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Cincinnati, Ohio Water Quality Report

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Sources Of Drinking Water in Cincinnati, Ohio

Where does Cincinnati's water come from? Greater Cincinnati Water Works supplies water from two sources: The Miller Treatment Plant treats surface water from the Ohio River and supplies 88% of drinking water to GCWW's customers, including most of the City of Cincinnati. The Bolton Treatment Plant treats groundwater from ten wells in the Great Miami Aquifer. It is located in southern Butler County. Our aquifer (buried sand and gravel filled with water) is 150-200 feet deep and 2 miles wide. Bolton Plant supplies about 12% of GCWW water.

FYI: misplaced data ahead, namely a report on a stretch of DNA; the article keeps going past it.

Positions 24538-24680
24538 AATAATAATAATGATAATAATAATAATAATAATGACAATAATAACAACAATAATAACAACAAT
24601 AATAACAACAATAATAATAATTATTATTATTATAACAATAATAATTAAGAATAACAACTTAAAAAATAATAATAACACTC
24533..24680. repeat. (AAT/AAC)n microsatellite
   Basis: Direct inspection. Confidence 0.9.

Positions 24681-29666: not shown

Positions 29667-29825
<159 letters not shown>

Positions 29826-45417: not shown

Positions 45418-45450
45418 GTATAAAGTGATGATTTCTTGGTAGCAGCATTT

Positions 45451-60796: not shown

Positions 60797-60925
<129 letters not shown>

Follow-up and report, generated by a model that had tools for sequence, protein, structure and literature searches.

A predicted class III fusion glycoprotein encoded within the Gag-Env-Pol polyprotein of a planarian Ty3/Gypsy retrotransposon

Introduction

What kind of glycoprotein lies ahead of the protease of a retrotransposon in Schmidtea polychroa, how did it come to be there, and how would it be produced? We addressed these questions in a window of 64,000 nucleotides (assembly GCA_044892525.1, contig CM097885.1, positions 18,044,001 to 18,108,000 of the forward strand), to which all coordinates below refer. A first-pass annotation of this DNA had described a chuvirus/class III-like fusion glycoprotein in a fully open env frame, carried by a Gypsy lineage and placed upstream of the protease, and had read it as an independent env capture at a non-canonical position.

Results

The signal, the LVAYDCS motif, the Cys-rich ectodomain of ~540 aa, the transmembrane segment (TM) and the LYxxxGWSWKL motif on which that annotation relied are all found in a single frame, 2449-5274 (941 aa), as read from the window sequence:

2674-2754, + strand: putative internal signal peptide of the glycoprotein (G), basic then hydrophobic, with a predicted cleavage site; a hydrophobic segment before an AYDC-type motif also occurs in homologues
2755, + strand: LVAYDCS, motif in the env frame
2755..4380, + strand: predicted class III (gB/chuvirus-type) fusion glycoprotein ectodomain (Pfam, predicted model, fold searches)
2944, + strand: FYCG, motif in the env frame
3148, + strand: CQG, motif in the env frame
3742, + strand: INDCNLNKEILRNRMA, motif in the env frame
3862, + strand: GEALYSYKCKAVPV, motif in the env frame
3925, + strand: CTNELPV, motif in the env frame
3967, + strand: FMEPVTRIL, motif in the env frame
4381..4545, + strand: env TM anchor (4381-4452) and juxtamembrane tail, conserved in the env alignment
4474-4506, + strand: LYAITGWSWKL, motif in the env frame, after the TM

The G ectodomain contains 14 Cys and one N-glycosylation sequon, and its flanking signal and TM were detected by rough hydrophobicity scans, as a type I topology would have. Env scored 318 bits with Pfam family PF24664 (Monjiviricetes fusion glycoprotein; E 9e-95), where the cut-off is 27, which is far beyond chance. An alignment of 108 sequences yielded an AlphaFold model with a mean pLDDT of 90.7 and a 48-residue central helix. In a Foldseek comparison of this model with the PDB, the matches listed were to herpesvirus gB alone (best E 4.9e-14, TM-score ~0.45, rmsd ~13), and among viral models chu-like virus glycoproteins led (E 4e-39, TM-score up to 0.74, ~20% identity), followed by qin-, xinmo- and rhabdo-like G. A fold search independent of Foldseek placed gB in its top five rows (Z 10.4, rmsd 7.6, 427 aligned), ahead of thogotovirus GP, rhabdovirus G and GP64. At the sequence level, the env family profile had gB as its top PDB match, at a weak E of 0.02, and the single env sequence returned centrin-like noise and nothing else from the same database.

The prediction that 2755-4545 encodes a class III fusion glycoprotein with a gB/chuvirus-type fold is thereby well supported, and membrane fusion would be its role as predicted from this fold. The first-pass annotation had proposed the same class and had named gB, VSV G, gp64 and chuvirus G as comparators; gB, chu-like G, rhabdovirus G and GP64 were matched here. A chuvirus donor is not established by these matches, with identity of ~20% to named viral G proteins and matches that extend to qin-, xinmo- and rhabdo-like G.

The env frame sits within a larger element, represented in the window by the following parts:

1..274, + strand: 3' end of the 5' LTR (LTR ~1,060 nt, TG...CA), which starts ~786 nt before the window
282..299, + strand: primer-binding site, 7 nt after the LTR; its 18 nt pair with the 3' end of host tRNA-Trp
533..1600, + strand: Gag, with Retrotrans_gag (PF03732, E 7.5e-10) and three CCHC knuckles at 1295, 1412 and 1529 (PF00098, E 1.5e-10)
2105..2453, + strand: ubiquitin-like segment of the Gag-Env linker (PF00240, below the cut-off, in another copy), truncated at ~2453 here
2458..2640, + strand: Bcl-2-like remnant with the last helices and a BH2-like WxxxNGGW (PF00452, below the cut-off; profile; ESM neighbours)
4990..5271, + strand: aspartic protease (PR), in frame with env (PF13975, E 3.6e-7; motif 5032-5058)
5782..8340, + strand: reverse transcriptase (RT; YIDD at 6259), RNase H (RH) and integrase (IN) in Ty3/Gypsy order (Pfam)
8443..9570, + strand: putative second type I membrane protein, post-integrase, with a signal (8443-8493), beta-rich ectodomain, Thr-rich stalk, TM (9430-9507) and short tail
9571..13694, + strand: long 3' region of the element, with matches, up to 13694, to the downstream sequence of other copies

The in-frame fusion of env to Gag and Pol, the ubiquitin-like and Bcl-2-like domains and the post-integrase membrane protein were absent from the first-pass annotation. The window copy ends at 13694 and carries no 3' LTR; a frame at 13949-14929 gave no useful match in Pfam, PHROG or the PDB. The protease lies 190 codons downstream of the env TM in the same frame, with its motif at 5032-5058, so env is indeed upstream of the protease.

GCWW monitors source water from the Ohio River by routinely testing water before it enters the treatment plant. In addition, GCWW participates in a coordinated early warning organic detection system on the Ohio River. This system, the first of its type in the U.S.: warns treatment plants downstream about spills so that measures can be taken before the spill reaches water intakes. was developed by water utilities along the Ohio River in conjunction with ORSANCO (Ohio River Valley Water Sanitation Commission). GCWW consists of 13 monitoring stations located along the Ohio River. Ohio Environmental Protection Agency has classified the Ohio River as highly susceptible to contamination, as with all surface waters. This is because it is open to the environment, and pollution may spread quickly with the flow of the river. GCWW has several barriers between potential pollution and your tap water. The first barrier, a source water protection program, is designed to prevent and monitor contamination in the river. GCWW also has several options to protect the drinking water, ranging from turning off the intake and using stored water until pollution passes, to altering a treatment process to remove contamination. GCWW is one of only a few water treatment plants in the nation that has included granular activated carbon (GAC). GAC has been recognized as the best available technology for removing the most common chemicals found in spills in the Ohio River. Is Cincinnati's water safe to drink? Does  Cincinnati put fluoride in the water?